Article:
Today’s film couldn’t be more different than last week’s. Young Mr. Lincoln was a classic illustration of the Golden Age of Hollywood studio system. The Panic in Needle Park is a shiny example of what emerged with the fall of old Hollywood in the 1960s and the rise of New Hollywood with movies like Bonnie and Clyde and Easy Rider.
With virtually no plot to speak of, The Panic in Needle Park is all about two troubled lovers: Bobby, a small-time drug dealer and heroine addict, and Helen, a woman lost in life. Helen (played by Kitty Winn) stumbles into Bobby’s life after her boyfriend, Marco (played by Raúl Juliá in a very small role), suddenly leaves town while Helen is recovering from an illness brought on by a poorly performed abortion. (The cause of the illness, I must admit, alluded me until I read about it on Wikipedia. Call me stupid or unobservant if you want.) Marco owed Bobby (played by Al Pacino in his second ever film and his first leading role) money and Bobby becomes concerned for Helen while she recovers alone in a hospital. Helen is taken in by Bobby’s charm and kindness. She ends up moving into his apartment located in Manhattan’s Sherman Square, also known by the many drug addicts and dealers who live and work there as Needle Park.
Bobby tells Helen he is not a heroin addict but a casual user. Helen finds this to be false as Bobby’s addiction only seems to get worse. (Just as a side note, this was the first mainstream film to feature actual drug injection.) Helen begins performing some of Bobby’s deals. She quickly gets arrested by a narcotics detective (played by Alan Vint), who is used to making deals with lower rung drug dealers in order to catch bigger names. A panic, where drug supply is low and druggies start ratting each other out, sets in. This doesn’t stop from starting to use heroin herself. With Bobby going in and out of jail, Helen is forced to make money any way that she can, which doesn’t always please Bobby. Their relationship deteriorates as their addictions worsen and pressure from local police grows.
I’ll be honest. I’m not always the biggest fan of plotless movies. They can be interesting (2014’s Boyhood) and they can be extraordinarily dull (2014’s Mr. Turner, which does have merits but ultimately left me bored and confused). Why The Panic in Needle Park succeeds is largely down to its reality, its principal performers and its pacing.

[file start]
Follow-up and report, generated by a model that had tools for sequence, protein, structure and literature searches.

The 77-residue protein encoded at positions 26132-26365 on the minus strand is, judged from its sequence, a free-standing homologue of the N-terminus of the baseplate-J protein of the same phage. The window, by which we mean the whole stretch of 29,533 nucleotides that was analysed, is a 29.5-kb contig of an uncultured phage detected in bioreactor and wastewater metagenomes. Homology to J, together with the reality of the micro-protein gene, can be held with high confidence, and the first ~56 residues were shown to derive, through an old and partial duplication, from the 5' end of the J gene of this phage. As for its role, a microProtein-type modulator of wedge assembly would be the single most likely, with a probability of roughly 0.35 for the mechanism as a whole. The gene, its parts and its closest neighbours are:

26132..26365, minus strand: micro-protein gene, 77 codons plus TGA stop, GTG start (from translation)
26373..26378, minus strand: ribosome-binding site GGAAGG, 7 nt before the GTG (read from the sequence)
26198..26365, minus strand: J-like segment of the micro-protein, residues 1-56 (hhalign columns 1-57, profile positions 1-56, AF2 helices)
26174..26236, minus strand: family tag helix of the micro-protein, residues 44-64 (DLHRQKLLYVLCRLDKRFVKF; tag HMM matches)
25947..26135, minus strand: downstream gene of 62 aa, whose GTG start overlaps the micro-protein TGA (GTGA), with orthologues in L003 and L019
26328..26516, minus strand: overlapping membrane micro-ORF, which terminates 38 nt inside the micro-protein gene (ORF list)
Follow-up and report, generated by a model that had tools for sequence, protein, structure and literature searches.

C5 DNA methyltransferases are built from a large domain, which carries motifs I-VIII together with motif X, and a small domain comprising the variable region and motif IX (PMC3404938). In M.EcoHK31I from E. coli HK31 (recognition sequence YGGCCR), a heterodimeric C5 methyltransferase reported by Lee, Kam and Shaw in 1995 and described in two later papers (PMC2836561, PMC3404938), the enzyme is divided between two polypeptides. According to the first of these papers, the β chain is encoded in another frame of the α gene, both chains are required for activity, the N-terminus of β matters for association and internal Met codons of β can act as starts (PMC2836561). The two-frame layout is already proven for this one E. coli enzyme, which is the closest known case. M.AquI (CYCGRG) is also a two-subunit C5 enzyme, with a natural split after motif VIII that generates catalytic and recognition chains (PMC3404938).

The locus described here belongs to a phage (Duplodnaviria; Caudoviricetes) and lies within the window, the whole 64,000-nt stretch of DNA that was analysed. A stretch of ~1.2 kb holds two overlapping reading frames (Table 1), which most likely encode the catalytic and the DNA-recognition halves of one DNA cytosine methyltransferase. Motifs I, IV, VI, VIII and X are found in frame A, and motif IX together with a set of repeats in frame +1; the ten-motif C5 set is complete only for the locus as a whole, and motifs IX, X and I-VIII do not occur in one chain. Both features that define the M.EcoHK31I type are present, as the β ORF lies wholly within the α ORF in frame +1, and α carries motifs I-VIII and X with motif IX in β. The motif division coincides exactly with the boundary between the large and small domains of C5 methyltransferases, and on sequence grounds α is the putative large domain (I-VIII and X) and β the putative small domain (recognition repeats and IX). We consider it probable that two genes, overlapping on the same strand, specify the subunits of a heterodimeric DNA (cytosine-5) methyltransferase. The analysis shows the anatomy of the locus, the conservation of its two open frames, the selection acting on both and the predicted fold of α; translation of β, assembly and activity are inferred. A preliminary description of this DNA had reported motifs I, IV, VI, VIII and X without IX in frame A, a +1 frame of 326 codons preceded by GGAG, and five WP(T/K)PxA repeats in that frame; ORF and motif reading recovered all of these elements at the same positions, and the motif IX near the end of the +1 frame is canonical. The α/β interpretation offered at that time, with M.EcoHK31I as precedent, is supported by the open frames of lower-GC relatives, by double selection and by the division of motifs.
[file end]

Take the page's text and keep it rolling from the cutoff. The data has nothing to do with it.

A character driven piece can easily become a slog if the director doesn’t carefully manage the pacing. While we’re essential just following these two people through their daily, drug, sex and occasionally violence filled lives, director Jerry Schatzberg keeps things moving by keeping scenes short and to the point. Nothing is drawn out. Every event and moment is given the proper time it needs and then the film moves on. Sometimes that means a four to five minute scene. Other times it translates to a 20 second scene. Important events and little character moments never feel rushed, no matter the scene length. Scenes play out at a natural pace that only serves to heighten the sense of reality, which is helped by the movie’s location work and style of storytelling.
The Panic in Needle Park was shot entirely in New York city, with most scenes taking place on the streets. There’s no score to speak of (though one was composed but ended up unused). Along with the pacing, these qualities combine to create a stark, documentary like feel (also known as cinéma vérité) that’s as refreshing and new as I’m sure it was back in 1971. Everything is authentic. The cops, the druggies, the sellers, the shooting up scenes, the arrests, the joys, the tragedies. Nothing is false. Part of that is the cinéma vérité style and part of it just good writing and acting.
In 1971, Pacino had yet to earn his first of eight Oscar nominations for The Godfather, but he had won one of two Tony awards for acting. He also had extensive training under Charlie Laughton and Lee Strasberg at the Actors Studio, and he’d spent a few years on-stage. In other words, he may not have been a world-renowned performer yet, but he was already a skilled actor. This comes through in his work in Needle Park. He and Winn, who must be equally commended for what she brings to the screen, are portraying real, damaged people who are never really going to succeed in life or be on the right side of the law. They make many mistakes throughout the course of the movie, and they don’t always treat each other well. In fact, they are downright horrible for each other. At times they bring out the worst in the other and make their situation worse. Their relationship is unhealthy, their actions wrong, their way of living destructive, but rarely are they unlikable or unsympathetic. Even when they are at their worst as human beings, they hold on to your empathy with personalities that are still, somehow, impossibly charming and relateable.
I hate to use the world real again but that’s what this movie is down to its very core. I wasn’t expecting to feel this positive and pleased with this film. It was a great surprise. One I hope you get to experience, too.